Resolving Conflict Through Metaphor

I have recently been asked to work in the area of conflict resolution. It seems that with increased stressors in the workplace such as impending change or simply people being forced to work together with others they normally would not relate to has resulted in some significant conflicts. In looking at this and reflecting on it, it seemed that people’s behaviors were creating the problem.

Whilst we cannot demand others change their behavior, we can make a choice about ours and we can subsequently increase the potential of influencing others behaviors and resolving potential and real conflict.

Our behavior is influenced by our thoughts and feelings and our self talk, leading us to make a number of assumptions about people and subsequently respond in a learned way. In other words we evoke our self knowledge and often default to particular behaviors in resolving conflict. Understanding about our thoughts, feelings and self knowledge and our subsequent behavior offers us the opportunity to change our behavior to a more constructive style.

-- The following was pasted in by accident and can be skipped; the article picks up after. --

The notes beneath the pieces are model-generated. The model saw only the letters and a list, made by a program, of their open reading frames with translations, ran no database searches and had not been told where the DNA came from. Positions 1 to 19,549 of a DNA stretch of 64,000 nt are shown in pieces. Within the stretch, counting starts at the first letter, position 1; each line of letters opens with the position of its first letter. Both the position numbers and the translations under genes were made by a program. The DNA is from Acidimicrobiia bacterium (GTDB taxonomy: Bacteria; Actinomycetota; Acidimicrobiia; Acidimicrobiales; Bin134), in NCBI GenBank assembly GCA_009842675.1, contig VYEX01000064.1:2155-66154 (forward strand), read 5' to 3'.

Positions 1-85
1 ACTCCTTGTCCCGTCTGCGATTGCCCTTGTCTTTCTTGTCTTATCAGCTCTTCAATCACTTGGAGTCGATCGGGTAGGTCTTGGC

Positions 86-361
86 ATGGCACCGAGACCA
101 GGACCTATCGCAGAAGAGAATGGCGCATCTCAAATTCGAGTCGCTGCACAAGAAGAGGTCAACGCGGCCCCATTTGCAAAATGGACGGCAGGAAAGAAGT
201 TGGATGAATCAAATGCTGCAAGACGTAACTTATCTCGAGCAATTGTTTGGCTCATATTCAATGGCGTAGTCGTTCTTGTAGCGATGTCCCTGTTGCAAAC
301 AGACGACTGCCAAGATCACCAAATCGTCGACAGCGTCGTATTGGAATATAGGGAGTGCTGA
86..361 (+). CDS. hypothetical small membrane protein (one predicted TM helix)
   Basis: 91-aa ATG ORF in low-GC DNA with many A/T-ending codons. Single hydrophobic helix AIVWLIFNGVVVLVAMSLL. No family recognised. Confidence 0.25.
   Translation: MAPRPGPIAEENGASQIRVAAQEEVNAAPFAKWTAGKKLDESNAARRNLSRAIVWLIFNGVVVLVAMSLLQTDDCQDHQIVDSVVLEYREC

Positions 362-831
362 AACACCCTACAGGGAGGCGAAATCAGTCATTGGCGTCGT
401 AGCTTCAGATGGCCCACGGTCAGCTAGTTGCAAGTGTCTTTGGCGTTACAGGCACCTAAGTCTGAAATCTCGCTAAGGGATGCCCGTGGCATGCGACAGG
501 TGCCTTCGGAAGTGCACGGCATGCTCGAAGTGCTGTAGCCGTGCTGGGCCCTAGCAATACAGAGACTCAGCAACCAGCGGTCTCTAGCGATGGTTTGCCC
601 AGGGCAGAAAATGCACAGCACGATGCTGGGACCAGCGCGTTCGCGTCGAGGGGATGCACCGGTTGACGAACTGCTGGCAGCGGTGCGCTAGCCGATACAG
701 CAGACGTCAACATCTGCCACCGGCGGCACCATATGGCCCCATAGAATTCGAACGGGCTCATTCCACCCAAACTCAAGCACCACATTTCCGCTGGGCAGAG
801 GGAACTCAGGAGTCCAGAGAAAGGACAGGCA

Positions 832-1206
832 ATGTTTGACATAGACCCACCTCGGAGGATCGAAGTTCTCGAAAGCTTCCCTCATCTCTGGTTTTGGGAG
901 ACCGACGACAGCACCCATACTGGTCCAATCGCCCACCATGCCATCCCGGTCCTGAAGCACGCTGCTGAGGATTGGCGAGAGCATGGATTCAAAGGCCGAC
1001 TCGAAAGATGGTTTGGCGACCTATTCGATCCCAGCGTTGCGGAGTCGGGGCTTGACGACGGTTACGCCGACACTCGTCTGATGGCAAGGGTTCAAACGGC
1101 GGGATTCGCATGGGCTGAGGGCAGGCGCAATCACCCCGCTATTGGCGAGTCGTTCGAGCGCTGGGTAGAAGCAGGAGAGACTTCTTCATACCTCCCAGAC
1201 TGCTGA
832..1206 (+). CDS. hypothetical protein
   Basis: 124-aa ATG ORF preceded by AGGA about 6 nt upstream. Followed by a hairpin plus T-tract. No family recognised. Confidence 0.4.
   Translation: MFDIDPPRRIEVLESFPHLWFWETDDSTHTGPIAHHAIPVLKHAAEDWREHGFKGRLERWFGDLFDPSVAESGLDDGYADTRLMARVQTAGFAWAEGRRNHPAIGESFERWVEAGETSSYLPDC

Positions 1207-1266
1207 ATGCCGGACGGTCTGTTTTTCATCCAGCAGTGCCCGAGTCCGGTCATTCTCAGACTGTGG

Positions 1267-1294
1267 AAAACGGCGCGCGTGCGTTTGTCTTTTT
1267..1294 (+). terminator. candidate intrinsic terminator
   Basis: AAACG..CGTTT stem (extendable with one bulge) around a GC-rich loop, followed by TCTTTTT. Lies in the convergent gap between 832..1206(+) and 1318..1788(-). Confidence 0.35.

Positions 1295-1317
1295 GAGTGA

A starting point is the Thomas – Kilman model of conflict resolution. There are 5 options in conflict resolution in this model:

  • Conflicting
  • Accommodating
  • Avoiding
  • Compromising
  • Collaborating

In order to understand the associated behaviors and their effects in greater detail, we can apply Arthur Shelley’s Organizational Zoo animal metaphor ( see attached picture). This allows us to examine and understand the  options in more depth and our default style of resolving conflict.

Continuing with this notion we can apply it to the other party’s behavioral style and work through options that might bring a better result using the animal metaphor as a reference point. This then squarely puts the personal power in our hands to enable us to resolve conflict.

This methodology is being successfully used in conjunction with narrative, story telling and role play and practice and can be  explored through one or several half day workshops dependent on organizational need. I am happy to be contacted further about this.

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